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Students develop a sky-high interest in their surroundings

Greg Masse

Tuesday was a plane day for students in Susy Ellison’s class.

Ellison, along with a brave group of Yampah Mountain High School students, gained a unique perspective of the valley by taking to the skies on an Eco Flight.

Eco Flight, a nonprofit organization run by Bruce Gordon, of Aspen, is touted as a tool for students, politicians and others to get a bird’s-eye view of the landscape, enabling them to learn about ecology, make more informed decisions and generally gain a better perspective on the area.

“Eco Flight uses aircraft to educate and advocate for the environment,” Gordon said. “We give tours to students, media, citizens and politicians.”

Gordon said for him, the program is a way to champion specific issues relating to the environment.

“You get the whole picture,” he said. “A picture is worth a thousand words, but flying is worth a thousand pictures.”

A passage in a letter written by Gordon describes the mission of Eco Flight. The letter reads that the program was “created out of the realization that educating, inspiring and empowering our youth is one of the most important steps we can take to protect the environment.”

Gordon recently returned from a flight across the Atlantic Ocean to Africa where he left an airplane there for people to conduct anti-poaching and animal counting flights, as well as survey deforestation and habitat encroachment.

“One of the biggest problems in the world is (over)population,” he said.

Gordon, along with Colorado Department of Natural Resources project manager Steve Renner, told the students about the “man-made ecological disaster” in Coal Basin west of Redstone, where Mid-Continent Resources mined coking coal.

“Coal Basin is this big, huge, monstrous valley – it’s a huge round bowl,” Renner said. Out of that bowl, miners took millions of tons of coal from the 1950s until the mine’s closure in 1990.

“The company went out of business, so it became the state’s responsibility to clean it up,” Renner said.

The biggest problem is sediment from the basin that erodes into Coal Creek and the Crystal River.

“These man-made disaster areas are just eroding into the creeks,” he said.

Many of the students who came along for the ride Tuesday have helped Renner revegetate the area to reduce the amount of erosion and create stable landforms.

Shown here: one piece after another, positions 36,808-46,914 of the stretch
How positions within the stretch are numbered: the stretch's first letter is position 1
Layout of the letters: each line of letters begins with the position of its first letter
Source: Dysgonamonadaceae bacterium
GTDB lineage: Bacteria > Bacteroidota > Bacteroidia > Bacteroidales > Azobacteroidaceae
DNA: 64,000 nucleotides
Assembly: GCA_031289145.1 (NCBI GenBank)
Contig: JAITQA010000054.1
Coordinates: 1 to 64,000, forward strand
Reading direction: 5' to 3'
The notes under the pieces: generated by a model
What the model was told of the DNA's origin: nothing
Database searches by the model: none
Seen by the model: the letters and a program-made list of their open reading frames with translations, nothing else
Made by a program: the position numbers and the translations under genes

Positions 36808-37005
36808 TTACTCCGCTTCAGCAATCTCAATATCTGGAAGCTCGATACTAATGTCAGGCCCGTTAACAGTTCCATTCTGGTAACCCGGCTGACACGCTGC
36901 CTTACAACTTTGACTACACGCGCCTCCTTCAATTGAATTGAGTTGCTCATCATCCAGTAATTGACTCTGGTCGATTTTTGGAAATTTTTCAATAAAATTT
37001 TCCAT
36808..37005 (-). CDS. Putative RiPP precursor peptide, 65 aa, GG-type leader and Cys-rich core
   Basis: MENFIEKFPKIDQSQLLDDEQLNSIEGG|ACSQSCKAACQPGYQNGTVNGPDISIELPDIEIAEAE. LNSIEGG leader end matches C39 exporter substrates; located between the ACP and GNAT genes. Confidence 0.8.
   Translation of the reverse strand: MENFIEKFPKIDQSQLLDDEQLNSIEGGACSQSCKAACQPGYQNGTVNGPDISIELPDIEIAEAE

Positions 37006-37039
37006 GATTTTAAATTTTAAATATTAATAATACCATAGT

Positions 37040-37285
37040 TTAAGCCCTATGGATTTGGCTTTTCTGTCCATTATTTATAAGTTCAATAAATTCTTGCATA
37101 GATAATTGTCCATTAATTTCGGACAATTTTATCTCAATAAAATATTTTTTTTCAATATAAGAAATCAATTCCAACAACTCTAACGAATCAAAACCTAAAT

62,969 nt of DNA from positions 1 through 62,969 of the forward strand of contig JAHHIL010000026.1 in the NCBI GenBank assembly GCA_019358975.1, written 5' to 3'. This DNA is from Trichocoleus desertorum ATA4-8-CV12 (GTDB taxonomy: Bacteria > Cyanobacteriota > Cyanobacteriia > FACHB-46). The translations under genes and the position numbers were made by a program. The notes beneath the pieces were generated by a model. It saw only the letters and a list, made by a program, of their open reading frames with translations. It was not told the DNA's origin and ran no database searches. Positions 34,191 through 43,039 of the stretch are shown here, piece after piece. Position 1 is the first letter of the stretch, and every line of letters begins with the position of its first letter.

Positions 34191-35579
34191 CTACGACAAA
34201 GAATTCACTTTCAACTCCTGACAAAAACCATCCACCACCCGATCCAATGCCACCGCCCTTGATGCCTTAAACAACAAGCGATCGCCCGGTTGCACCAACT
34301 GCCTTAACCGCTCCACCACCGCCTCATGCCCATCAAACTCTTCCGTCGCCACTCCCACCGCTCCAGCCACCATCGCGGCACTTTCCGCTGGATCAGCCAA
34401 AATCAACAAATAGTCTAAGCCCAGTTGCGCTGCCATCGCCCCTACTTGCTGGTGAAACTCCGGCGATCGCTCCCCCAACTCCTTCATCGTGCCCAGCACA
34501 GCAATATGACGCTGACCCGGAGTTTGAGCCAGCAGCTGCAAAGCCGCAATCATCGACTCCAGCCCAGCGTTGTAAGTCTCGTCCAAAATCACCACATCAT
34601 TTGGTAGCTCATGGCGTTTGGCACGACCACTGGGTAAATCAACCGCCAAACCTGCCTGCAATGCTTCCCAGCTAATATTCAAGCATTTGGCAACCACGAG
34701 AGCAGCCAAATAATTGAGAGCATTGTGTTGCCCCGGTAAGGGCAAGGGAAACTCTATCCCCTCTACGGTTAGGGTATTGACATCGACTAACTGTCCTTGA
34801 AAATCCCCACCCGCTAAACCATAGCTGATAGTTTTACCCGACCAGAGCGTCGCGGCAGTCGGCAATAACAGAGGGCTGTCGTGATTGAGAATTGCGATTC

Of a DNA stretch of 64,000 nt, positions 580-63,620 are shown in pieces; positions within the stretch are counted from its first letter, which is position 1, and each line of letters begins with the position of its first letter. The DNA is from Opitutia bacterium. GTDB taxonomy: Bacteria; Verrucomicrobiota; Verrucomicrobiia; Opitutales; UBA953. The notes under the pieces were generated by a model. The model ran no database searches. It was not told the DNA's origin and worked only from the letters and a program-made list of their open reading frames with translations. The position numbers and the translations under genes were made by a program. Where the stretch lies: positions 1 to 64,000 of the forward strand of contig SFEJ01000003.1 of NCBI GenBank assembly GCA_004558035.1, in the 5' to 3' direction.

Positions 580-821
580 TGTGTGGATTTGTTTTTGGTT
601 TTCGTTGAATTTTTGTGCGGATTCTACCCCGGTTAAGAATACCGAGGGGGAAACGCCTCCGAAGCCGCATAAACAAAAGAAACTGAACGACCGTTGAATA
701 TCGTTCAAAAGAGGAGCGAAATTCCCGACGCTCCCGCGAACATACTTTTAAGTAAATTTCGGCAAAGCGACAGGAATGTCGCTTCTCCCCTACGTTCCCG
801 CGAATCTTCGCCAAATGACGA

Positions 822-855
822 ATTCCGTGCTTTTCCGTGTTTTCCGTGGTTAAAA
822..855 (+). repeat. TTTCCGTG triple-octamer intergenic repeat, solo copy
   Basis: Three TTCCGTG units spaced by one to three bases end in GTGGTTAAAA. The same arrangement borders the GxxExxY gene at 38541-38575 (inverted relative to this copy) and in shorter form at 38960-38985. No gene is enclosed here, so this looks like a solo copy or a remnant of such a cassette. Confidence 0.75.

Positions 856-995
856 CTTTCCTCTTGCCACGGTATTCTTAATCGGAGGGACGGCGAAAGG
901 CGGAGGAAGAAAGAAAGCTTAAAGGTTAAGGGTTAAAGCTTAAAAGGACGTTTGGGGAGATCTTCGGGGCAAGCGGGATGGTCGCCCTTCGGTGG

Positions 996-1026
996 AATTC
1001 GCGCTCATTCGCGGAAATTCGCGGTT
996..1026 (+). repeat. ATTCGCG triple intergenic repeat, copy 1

The plan was to see how the site was doing by flying out of the Glenwood Springs Municipal Airport, taking a right at Mount Sopris, flying up the Crystal River Valley, then surveying Coal Basin by air. But like many other days this spring, the wind kicked up and the plans were changed slightly.

Instead of flying directly over the basin, Gordon was only able to skirt the area. But the students still were able to get a feel for the vastness of the drainage area and get a different look at the Roaring Fork Valley.

“It was bumpy, but it gave me a different perspective of my home,” said 18-year-old recent Yampah graduate Spencer Maxson. “You get a bird’s-eye view of what you’ve been driving through for your whole life.”

But rather than erosion in Coal Basin, Maxson said the proliferation of development in the lower Roaring Fork Valley struck him the most.

James Castaldo, 16, said the closest he’d come to getting such a great view of the valley is from the summit of Mount Sopris.

“It was an adventure,” he said.

Keely Frey, a 16-year-old junior at Yampah, feels everyone should get to view the area from above.

“Being able to see it from the air was really amazing to get a concept of it,” she said. “I think more people should do it to get more of an idea about stuff like this.”

Leo Johnson, 16, had a similar reaction.

“I got a lot clearer idea of what the valley looked like,” he said. “There’s a lot of roads that don’t go anywhere. There’s all this stuff up there that’s not used.”

For more information on Eco Flight, contact Bruce Gordon at (970) 429-1110 or bsgordon@ earthlink.net.


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